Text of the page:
Erase it, completely!
old disks are replaced, the data on these disks is erased before they are discarded.
This leaves open a potential security hole as sensitive enterprise information
can be recovered from supposedly blank disks using tools that are freely available.
Here's how you should protect your information. by Arun Rawtani
Out of sight, out of mind. When storage systems are upgraded,
retired on account of proactive maintenance, reach the end of their lease, or
are re-purposed or re-sold, companies often delete the data on these disks and
then they are forgotten. Unfortunately, a tremendous amount of critical, confidential
and competitive information remains on those disks, and this information cannot
be erased by pressing 'delete.'
The existence of this data exposes competitive intelligence,
increases vulnerability to industrial espionage and litigation, and jeopardises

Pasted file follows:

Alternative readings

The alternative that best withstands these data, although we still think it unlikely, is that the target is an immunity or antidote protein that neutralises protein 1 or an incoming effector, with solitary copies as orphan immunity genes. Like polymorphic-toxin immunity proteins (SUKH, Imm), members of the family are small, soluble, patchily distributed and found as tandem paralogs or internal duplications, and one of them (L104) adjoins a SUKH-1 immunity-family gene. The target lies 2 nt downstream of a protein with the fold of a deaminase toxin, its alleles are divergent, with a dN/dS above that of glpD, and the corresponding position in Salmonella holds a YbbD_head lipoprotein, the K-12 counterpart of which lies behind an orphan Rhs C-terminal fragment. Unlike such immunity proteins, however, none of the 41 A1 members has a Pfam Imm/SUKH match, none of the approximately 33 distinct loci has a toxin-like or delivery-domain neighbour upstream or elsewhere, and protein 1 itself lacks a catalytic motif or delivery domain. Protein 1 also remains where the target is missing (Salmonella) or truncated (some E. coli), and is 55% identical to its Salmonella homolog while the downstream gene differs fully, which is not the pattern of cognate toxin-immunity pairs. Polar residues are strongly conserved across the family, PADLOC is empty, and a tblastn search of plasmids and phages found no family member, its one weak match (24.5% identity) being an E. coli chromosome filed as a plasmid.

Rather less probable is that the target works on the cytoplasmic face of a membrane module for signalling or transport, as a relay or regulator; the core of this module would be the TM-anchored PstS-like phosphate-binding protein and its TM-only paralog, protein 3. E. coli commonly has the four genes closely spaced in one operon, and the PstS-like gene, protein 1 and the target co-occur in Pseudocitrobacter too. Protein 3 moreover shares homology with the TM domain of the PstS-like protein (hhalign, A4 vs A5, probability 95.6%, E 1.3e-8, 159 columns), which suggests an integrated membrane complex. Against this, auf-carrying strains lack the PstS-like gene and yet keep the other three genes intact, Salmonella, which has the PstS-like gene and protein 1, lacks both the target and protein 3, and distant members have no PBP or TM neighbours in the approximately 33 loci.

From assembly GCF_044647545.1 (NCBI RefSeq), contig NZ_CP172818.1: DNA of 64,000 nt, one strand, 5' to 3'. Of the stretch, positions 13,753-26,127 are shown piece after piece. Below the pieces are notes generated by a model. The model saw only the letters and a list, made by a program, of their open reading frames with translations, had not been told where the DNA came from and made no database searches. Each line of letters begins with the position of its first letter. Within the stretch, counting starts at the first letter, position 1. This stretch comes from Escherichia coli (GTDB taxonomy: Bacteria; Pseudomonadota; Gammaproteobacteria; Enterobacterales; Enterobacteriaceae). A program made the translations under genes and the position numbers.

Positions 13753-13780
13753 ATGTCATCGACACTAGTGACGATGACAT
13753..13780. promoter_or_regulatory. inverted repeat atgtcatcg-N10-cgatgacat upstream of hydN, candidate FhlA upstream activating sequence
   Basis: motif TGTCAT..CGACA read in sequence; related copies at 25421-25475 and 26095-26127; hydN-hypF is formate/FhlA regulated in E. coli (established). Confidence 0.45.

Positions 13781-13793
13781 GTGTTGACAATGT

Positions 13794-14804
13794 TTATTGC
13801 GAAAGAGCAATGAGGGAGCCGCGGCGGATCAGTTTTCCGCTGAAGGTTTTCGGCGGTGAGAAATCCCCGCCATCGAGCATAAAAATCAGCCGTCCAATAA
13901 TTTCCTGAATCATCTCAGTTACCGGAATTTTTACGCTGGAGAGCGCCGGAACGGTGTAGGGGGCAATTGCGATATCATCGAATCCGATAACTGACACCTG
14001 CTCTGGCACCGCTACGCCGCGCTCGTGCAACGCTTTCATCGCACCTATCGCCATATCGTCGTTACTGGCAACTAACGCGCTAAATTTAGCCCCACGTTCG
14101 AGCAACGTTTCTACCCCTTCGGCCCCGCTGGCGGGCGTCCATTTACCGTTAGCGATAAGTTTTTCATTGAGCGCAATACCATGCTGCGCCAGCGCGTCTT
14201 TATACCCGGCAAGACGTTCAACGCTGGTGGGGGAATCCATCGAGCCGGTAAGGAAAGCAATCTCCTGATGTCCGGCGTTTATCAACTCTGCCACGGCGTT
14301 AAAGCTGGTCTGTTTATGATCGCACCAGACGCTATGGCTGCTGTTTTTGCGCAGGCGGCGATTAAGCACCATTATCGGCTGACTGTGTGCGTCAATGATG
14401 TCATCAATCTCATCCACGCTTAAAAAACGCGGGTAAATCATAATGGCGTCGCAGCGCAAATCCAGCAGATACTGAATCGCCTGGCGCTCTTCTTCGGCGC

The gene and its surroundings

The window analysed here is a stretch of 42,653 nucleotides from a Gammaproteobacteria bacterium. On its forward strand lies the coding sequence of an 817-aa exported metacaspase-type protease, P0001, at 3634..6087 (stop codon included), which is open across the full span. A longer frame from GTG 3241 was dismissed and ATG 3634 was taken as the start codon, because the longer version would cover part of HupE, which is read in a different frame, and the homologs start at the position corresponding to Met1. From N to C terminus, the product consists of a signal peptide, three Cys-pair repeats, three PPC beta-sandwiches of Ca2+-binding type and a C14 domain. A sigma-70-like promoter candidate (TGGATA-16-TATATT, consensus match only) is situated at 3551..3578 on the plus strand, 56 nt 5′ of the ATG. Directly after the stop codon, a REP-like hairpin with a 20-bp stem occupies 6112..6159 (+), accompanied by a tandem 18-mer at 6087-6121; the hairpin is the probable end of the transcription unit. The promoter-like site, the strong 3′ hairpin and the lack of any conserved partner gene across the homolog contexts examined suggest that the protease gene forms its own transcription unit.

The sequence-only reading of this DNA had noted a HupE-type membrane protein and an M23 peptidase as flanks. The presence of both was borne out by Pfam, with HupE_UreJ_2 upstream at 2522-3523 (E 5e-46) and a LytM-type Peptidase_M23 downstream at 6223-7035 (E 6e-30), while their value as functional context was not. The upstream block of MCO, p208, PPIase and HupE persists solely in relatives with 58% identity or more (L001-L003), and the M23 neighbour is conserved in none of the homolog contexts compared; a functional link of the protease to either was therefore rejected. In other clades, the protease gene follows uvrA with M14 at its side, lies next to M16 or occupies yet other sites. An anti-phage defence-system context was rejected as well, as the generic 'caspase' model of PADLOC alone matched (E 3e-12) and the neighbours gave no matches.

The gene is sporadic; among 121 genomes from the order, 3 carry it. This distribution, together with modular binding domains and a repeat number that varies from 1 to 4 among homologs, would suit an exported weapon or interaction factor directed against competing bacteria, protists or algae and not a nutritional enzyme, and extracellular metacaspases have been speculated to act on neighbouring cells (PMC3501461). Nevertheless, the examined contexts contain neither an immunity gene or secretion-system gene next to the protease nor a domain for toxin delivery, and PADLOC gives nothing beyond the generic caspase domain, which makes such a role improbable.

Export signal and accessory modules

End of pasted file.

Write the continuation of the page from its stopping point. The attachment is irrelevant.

an organisation's compliance with corporate governance practices and government
and industry regulations protecting proprietary and confidential corporate,
customer, and patient information. For example, regulations such as DOD Pub.,
5220-22.M, Sarbanes-Oxley and HIPAA require proof of secure erasure.
Consequently, it is vital that data is completely erased
and the erasure recorded to ensure that critical and confidential information
stays secure from accidental or malicious recovery. Done correctly, data removal
meets important compliance regulations and guidelines for erasing data such
as sensitive patient records or financial procedures.